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Vectrus repairs water treatment plant after flood

Published Jan. 17, 2020
Flood water overtakes the water treatment plant during the morning of Dec. 25, 2019, at Incirlik Air Base, Turkey. The water level rose to unsafe levels as rain continued to fall during a storm. (Courtesy Photo)

Flood water overtakes the water treatment plant during the morning of Dec. 25, 2019, at Incirlik Air Base, Turkey. The water level rose to unsafe levels as rain continued to fall during a storm. (Courtesy Photo)

The water treatment plant is seen here after extensive cleaning Jan. 15, 2020, at Incirlik Air Base, Turkey. The facility was able to resume normal operations after pumps and electronics were dried and repaired. (U.S. Air Force photo by Senior Airman Trevor Gordnier)

The water treatment plant is seen here after extensive cleaning Jan. 15, 2020, at Incirlik Air Base, Turkey. The facility was able to resume normal operations after pumps and electronics were dried and repaired. (U.S. Air Force photo by Senior Airman Trevor Gordnier)

Water rises in the water treatment plant office before evacuation Dec. 25, 2019, at Incirlik Air Base, Turkey. Water damage preventative measures were taken by employees before the water continued to rise, such as moving documents and electronics to higher places. (Courtesy Photo)

Water rises in the water treatment plant office before evacuation Dec. 25, 2019, at Incirlik Air Base, Turkey. Water damage preventative measures were taken by employees before the water continued to rise, such as moving documents and electronics to higher places. (Courtesy Photo)

The water treatment plant is seen here after the flood Dec. 25, 2019, at Incirlik Air Base, Turkey. Even after the water drained, more cleaning was required to return the facility to normal operations. (Courtesy Photo)

The water treatment plant is seen here after the flood Dec. 25, 2019, at Incirlik Air Base, Turkey. Even after the water drained, more cleaning was required to return the facility to normal operations. (Courtesy Photo)

U.S. Air Force Tech. Sgt. Harry Thulstrup, 39th Civil Engineer Squadron water and fuels systems maintainer, points out how high the water rose during the flood on Christmas day Jan. 15, 2020, at Incirlik Air Base, Turkey. Though water reached five feet inside of the plant, the outside area was much deeper. (U.S. Air Force photo by Senior Airman Trevor Gordnier)

U.S. Air Force Tech. Sgt. Harry Thulstrup, 39th Civil Engineer Squadron water and fuels systems maintainer, points out how high the water rose during the flood on Christmas day Jan. 15, 2020, at Incirlik Air Base, Turkey. Though water reached five feet inside of the plant, the outside area was much deeper. (U.S. Air Force photo by Senior Airman Trevor Gordnier)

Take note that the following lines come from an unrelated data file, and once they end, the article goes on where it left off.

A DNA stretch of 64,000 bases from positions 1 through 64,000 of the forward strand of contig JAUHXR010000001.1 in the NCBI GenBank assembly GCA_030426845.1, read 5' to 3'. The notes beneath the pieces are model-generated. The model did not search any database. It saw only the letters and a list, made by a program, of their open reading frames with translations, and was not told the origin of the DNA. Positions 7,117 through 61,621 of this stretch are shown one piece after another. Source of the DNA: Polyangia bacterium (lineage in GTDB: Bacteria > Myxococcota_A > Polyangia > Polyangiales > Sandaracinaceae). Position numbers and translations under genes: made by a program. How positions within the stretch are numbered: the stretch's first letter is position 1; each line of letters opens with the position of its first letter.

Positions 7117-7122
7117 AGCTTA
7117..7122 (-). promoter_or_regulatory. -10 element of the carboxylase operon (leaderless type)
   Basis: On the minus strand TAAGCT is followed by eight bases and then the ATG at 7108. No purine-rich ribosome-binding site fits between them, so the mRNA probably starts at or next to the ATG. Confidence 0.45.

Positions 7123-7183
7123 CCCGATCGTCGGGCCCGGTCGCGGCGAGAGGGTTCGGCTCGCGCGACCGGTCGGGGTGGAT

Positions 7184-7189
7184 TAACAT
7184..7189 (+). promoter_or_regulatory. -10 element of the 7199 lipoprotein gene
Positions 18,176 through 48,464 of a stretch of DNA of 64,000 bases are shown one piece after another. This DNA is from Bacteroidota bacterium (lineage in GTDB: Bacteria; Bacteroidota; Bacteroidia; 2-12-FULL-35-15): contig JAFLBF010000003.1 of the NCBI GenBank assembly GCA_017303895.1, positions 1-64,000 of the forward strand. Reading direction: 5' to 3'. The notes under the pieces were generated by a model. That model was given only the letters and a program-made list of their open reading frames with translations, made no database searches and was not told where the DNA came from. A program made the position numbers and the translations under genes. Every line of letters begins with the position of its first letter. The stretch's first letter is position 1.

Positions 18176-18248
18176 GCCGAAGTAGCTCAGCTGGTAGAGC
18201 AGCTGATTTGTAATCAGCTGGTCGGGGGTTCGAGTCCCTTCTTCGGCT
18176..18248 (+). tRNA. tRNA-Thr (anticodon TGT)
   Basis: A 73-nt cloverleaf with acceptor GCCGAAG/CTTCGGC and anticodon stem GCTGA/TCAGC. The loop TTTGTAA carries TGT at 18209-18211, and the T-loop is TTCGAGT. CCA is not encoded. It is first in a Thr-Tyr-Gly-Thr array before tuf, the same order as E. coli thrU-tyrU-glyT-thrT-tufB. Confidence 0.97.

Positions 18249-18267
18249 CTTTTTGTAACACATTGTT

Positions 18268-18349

Vectrus contractors worked to combat the impact of floods that occurred at Incirlik Air Base, Turkey, Dec. 24 to 25, 2019.

Approximately 9.8 inches of rain fell in only two days, overloading the drainage system and flooding low elevation locations on base. Some base personnel had no other choice but to move to higher ground.

“Everything was in disarray,” said David Shick, Vectrus water treatment plant project manager. “Office furniture was upside-down – it was a natural disaster.”

Shick and 12 other employees evacuated the water treatment plant once the water began to rise, after taking water damage preventative measures such as moving documents and electronics to higher places.

The water level reached five feet inside the plant thoroughly soaking lab equipment, electronic panels and water pump motors.

 Once the water drained from the plant there was still a lot of flood damage. With an inoperable water treatment plant, clean water is not available on base. Fortunately, the water treatment plant team did not have to repair the damage alone.

“Over 50 Vectrus employees were working and helping clean the water treatment plant,” said Shick.

After cleaning, their next priority was salvaging and fixing parts in order to keep the plant operational.

“We had to get the electrical panels cleaned up, get the pumps and motors online, get the transformer dried out, get the generator working and restoring power – it was a lot of work,” said Shick.

This was the course of action employees had to take due to plant siting at the lowest elevation on the base. The increase of rain over the past couple of years in the area has also played a role in the flood.

Tech. Sgt. Harry Thulstrup, 39th Civil Engineer Squadron water and fuels systems maintainer, spoke about past rainfall in the area.

“It happened last year so it’s becoming a trend,” said Thulstrup, “It’s not just an issue here, it’s an issue (in Adana) due to the large amount of rain.”

After all was said and done, Vectrus got the water treatment plant back up and running in about 24 hours, restoring clean water to all the base’s facilities and housing units.